Syrian children flee ISIS for sweatshops in Turkey
A small boy makes shoes in the factory. Photograph: Ahmed Deeb
Syrian refugees have been flooding into Turkey, but what do they do when they make it there? Some work in apparel factories.
“He can make 400 shoes a day. He’s a real man.”
That quote is from the manager at a shoe factory about his 13-year-old Syrian worker. According to the story in the Guardian, more than ⅓ of the workers at the factory were Syrian children.
From the article:
According to Unicef, more than half of Turkey’s 2.7 million registered Syrian refugees are children – and nearly 80% of them are not in school. Across the wider region, Unicef estimates that half of school-age Syrians – 2.8 million children – have no means of accessing education.
The 13-year-old man in the story is a boy named Hamza. War makes men out of boys and unfortunately this is the case for Hamza:
“Hamza’s life is a good example of why this is all happening. Two years ago, his father was reportedly beheaded by Isis fighters in northern Syria, so his family fled to Turkey. There, his mother works as a housekeeper for the family’s elderly landlords, in exchange for a lower rent. But with Hamza’s father dead, the family has no other means of earning a money. So to put food on the table, he and his younger brothers, Tarek and Hammouda, work in this local shoe factory. Their daily wage is less than $10 – lower than the retail price of every pair of shoes they make.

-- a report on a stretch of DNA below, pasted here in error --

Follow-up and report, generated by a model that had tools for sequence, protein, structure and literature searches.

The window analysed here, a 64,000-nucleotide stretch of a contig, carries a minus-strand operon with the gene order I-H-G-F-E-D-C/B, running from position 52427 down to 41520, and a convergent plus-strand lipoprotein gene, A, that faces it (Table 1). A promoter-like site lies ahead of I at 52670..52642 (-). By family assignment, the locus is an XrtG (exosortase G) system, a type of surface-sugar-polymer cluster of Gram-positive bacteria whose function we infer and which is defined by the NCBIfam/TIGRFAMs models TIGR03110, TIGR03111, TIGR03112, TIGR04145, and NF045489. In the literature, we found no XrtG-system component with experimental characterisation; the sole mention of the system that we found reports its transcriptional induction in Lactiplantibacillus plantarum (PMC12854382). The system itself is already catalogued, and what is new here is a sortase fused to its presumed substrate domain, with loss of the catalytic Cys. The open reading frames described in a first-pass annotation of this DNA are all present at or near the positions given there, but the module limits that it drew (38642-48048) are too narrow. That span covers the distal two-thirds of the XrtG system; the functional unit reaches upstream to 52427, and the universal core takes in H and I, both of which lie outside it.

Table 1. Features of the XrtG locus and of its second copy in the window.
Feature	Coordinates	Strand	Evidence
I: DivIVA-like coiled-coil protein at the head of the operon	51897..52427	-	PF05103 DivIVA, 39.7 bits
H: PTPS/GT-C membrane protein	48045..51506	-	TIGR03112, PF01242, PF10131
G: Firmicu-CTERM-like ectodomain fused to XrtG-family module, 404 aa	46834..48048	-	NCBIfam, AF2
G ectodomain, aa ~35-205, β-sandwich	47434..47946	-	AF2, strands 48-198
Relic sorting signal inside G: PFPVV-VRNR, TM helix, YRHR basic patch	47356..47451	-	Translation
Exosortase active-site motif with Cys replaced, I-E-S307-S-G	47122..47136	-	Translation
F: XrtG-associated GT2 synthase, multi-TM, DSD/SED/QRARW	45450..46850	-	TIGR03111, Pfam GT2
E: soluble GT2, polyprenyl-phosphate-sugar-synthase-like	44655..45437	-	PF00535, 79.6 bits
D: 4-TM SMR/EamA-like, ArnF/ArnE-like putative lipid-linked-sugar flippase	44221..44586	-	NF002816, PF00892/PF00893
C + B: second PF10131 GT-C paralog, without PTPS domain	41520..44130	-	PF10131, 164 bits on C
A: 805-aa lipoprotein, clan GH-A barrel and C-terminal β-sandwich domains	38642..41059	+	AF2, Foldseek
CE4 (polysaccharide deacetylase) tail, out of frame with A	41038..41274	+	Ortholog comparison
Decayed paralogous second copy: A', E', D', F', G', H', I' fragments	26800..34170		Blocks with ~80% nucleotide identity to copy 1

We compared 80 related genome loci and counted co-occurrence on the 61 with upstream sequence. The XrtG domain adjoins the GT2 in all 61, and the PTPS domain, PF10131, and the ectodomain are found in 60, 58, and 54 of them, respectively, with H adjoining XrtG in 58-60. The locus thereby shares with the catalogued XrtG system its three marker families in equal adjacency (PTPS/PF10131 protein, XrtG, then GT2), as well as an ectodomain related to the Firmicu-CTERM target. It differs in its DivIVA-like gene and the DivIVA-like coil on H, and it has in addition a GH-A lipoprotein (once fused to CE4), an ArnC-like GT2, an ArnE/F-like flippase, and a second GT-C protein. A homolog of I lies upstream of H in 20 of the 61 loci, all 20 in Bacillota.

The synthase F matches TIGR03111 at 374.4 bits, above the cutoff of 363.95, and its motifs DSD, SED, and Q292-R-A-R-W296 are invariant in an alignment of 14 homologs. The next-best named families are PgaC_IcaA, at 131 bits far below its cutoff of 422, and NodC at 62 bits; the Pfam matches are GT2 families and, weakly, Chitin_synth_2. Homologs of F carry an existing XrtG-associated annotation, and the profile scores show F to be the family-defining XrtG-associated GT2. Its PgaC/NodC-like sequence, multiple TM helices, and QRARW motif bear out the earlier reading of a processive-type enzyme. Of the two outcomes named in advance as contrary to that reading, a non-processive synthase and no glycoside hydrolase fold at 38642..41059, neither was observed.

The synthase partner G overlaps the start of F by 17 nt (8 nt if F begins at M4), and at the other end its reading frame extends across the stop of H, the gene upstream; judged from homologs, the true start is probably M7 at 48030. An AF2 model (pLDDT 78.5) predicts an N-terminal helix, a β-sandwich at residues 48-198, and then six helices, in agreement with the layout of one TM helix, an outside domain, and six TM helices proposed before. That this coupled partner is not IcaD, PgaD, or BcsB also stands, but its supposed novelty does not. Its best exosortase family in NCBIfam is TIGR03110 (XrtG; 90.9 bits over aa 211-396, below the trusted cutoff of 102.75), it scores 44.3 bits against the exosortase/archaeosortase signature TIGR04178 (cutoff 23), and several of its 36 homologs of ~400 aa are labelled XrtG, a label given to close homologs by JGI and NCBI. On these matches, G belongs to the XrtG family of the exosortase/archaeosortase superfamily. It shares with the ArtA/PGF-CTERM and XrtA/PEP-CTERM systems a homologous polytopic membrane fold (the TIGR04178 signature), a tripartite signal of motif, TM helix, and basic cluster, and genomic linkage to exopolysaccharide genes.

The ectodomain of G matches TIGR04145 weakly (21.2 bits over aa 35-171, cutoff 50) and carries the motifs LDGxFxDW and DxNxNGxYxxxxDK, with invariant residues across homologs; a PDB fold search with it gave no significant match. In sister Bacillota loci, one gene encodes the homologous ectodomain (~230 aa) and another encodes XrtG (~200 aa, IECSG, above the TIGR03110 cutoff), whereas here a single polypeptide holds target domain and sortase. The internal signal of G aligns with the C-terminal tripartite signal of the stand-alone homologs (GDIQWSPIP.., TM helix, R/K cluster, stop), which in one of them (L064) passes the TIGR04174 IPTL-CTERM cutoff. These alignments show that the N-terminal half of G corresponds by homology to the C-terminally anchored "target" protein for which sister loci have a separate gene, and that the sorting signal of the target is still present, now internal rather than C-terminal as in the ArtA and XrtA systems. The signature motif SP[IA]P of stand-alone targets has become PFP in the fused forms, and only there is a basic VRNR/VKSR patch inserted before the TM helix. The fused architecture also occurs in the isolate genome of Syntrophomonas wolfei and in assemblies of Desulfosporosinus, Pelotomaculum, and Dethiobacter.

“I would love to go to school, I miss reading and writing,” says Hamza. “But if I go to school, nobody is going to bring food to my home.”
There are realities in this world too harsh for many of us to process. We don’t want kids making our clothes or shoes or farming our cocoa, but many kids do exactly this. Calls for banning child labor in these industries are often nothing more than proof of our naivete and our inability to understand the realities faced by many. Child labor is a symptom of war, poverty, no access to education, and the extreme lack of opportunities that exist for many people around the world.
The Syrian children and their parents are desperate and desperate people are easy to exploit. Even though working in a factory might be a kid’s best opportunity that doesn’t make it right. Many of these kids report sexual, physical, and verbal abuse.
I have no idea of what will come of Hamza and the thousands of other children like him. I have no idea how anything about this situation can be fixed. But I do know that we live in a complex world and it is our duty as glocals to recognize that complexity and that this exists…
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